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Sunday, April 11, 2021

Measurement of endotracheal tube cuff pressure

Measurement of endotracheal tube cuff pressure

Endotracheal tube cuff should be inflated continuously and deflated during intubation, extubation and repositioning. Tracheostomy tube cuff also inflated continuously in patients on CPAP or mechanical ventilation support. Tracheostomy patients who are breathing spontaneously may have the cuff inflated continuously ( In the patient with altered conscious level without ability to protect the airway.), deflated continuously or inflated only for feeding if the patient is at risk of aspiration.


  • Suction source/machine
  • Suction catheter
  • Tonsil suction
  • Syringe 10-mL
  • AMBU bag with O2 support
  • Pressure manometer (aneroid or mercury)

Nursing procedure

  • Explain the procedure to the patient.
    • Reduce the patient's anxiety and improve co-operation.
  • Use face shield.
    • Spraying of secretions may occur.
  • Suction the trachea, oral and nasal pharynx
    • Take out secretions collected above the cuff, which could be aspirated into the lungs during the cuff is deflated. Never reuse the trachea with the same catheter used for suctioning the mouth. 
  • Slowly deflate the cuff.
    • The test balloon at the tip of the tubing remains inflated as long as the cuff at the distal end of the tube is inflated. A vacuum within the syringe is sensed when no more air can be aspirated.
  • Spontaneous patient cough or manually inflate the lungs with an AMBU bag. Ready to collect secretions in a gauze pad or use tonsile suction.
    • Positive pressure in the airway may help secretion upside and avoid aspiration of secretions.
  • Suction tracheostomy or ET tube.
    • Secretions may present above the inflated cuff and around the exterior tube have now speeded downward. Coughing reflex may be stimulated, a chance to mobilize secretions.
  • Provide proper ventilation while the cuff is deflated. The patient requires assisted ventilation, provides manual AMBU bag support and otherwise provides oxygen support.
    • Assess the patient closely for tolerance. Failure of tidal volume or PEEP may promote hypoxemia and hypocarbia. Cuff should not be deflated for more than 30 to 45 seconds.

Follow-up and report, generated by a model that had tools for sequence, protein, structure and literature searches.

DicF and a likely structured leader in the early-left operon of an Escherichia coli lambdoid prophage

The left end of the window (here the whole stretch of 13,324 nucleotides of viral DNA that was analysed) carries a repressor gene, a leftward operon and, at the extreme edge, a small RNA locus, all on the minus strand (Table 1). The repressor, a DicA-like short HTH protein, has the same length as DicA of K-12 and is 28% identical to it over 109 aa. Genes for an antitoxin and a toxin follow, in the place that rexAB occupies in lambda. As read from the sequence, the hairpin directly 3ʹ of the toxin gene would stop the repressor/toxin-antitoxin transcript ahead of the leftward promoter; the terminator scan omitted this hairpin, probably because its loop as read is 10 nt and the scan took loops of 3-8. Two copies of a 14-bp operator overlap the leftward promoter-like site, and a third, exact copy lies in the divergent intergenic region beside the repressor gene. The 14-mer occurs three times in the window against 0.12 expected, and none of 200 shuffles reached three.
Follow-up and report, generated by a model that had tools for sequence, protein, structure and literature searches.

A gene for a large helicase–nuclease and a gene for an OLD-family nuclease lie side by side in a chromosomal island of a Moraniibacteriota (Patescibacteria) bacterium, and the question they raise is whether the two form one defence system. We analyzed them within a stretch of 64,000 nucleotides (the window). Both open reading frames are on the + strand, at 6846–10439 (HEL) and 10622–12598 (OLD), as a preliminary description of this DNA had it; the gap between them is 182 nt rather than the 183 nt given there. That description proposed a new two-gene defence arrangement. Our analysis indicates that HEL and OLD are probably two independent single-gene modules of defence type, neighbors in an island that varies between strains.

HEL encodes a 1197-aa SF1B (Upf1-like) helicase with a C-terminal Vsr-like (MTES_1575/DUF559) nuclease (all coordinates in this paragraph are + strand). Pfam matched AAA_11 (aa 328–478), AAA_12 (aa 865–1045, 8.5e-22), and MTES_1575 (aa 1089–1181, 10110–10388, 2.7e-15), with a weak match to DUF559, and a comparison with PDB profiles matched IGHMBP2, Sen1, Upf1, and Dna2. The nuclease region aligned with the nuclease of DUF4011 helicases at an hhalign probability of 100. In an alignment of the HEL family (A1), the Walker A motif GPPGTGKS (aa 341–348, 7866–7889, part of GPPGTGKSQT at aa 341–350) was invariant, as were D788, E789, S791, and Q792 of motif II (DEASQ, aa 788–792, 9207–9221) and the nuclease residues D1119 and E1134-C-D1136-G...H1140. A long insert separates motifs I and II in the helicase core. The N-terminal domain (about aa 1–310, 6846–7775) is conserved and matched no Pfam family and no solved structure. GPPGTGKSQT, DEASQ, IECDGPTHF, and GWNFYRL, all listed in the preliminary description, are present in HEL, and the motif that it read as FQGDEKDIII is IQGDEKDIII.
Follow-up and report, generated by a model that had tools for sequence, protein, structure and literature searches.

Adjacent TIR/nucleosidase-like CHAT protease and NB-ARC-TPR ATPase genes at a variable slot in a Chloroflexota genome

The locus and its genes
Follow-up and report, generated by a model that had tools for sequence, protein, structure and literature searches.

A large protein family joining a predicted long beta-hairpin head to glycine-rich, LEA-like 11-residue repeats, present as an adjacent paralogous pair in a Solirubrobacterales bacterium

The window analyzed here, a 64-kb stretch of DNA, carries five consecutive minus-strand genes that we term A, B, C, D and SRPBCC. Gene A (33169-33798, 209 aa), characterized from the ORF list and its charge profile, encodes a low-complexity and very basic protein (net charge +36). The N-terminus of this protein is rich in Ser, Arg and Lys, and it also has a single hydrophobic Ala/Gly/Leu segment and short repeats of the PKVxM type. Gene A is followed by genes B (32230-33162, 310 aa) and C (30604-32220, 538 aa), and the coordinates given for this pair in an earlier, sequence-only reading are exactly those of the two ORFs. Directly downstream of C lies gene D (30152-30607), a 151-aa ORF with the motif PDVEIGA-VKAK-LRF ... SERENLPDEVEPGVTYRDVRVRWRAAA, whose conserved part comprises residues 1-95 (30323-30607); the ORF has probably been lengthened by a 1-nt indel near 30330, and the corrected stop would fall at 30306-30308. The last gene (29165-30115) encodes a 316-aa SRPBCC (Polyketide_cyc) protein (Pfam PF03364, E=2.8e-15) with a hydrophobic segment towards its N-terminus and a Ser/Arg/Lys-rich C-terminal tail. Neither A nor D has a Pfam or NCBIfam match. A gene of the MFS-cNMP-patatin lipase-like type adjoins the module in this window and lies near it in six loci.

• Inflate cuff no leak technique-: Connect the air-filled syringe to the cuff injection port, then gently push air until no air leakage from the patient's lungs around the cuff. Mention the amount of air pushed to provide a seal.
    • Air leakage will be heard when the intra-airway pressure is most positive ( maximum peak airway pressure). During spontaneous breathing, air leakage will be heard on exhalation. If the patient has positive pressure ventilation, air leakage can be heard at maximum ventilator inspiration.
  • Minimal leak technique for mechanical ventilator patient-: Connect the air-filled syringe to the cuff injection port, then gently push air until no leak is heard at maximum peak airway pressure. Mention the amount of air injected.
    • Inflate the cuff lowest possible pressure while still maintaining an adequate seal. Avoid tracheal necrosis from excessive or continuous cuff pressure. Modification in the VT setting may be necessary to compensate for the leak.
Analysis the minimal occluding volume 
  • Push adequate air into the manometer tubing to raise the dial reading 1 cm H2O above the zero reading.
    • This " pressurizes" the tubing and avoid loss of air from the cuff to the tubing when the reading is taken.
  • Insert male port of 3-way stopcock into the cuff injection port. One female port of stopcock holds the air-filled syringe' and one port holds the pressure manometer.
  • Push air into until desired intracuff pressure is reached at maximum peak airway pressure.
    • Aneroid manometer calculate cuff pressure in cm H2O: A pressure of 20-25 cm H2O is appropriate. Mercury manometer pressure should be 15-20 mm Hg. Pressure more than upper limit may affect tracheal vessels' compression, resulting in lower blood flow to tissue. Pressure less than lower limit may cause aspiration of gastric or oral secretions.
  • Monitor amount of air wants to reach the desired intracuff pressure.
  • Take out the stopcock from the injection port.
    • Almost all injection port have self-sealing valves. If not a cap or closed stopcock may be left in the injection port.
  • While cuff is inflated, check cuff pressure every four hours. Keep cuff pressure between 20 and 25 mm Hg or 25 and 35 cm H2O
    • Pressure is more than the normal limit, resulting in tracheal necrosis. Insufficient cuff pressure may allow aspiration.
  • Note the amount of air required to maintain cuff pressure at this level.
    • Establishes a baseline for evaluation of change in pressure.
Inability to maintain a seal
  • check the degree of leakage and length of time elapsed since cuff volume was replenished.
    • If an inflated cuff leaks air within 10 minutes, analysis is needed. Possibilities may be:
      • Cuff site is above the vocal cords.
      • Incompetence of self-sealing valve on injection port.
      • Tracheal dilation ( may need larger size tube)
      • Cuff may be ruptured, requiring a new tube
  • If leakage recurs, place three-way stopcock between syringe and injection port, inflate cuff, close stopcock. Remove syringe ( and manometer, if used) leaving closed stopcock in injection port.
    • The closed stopcock in the injection port acts as "plug" if the self-sealing valve is incompetent.
  • If air leak continues, tube replacement or repositioning may be needed.  

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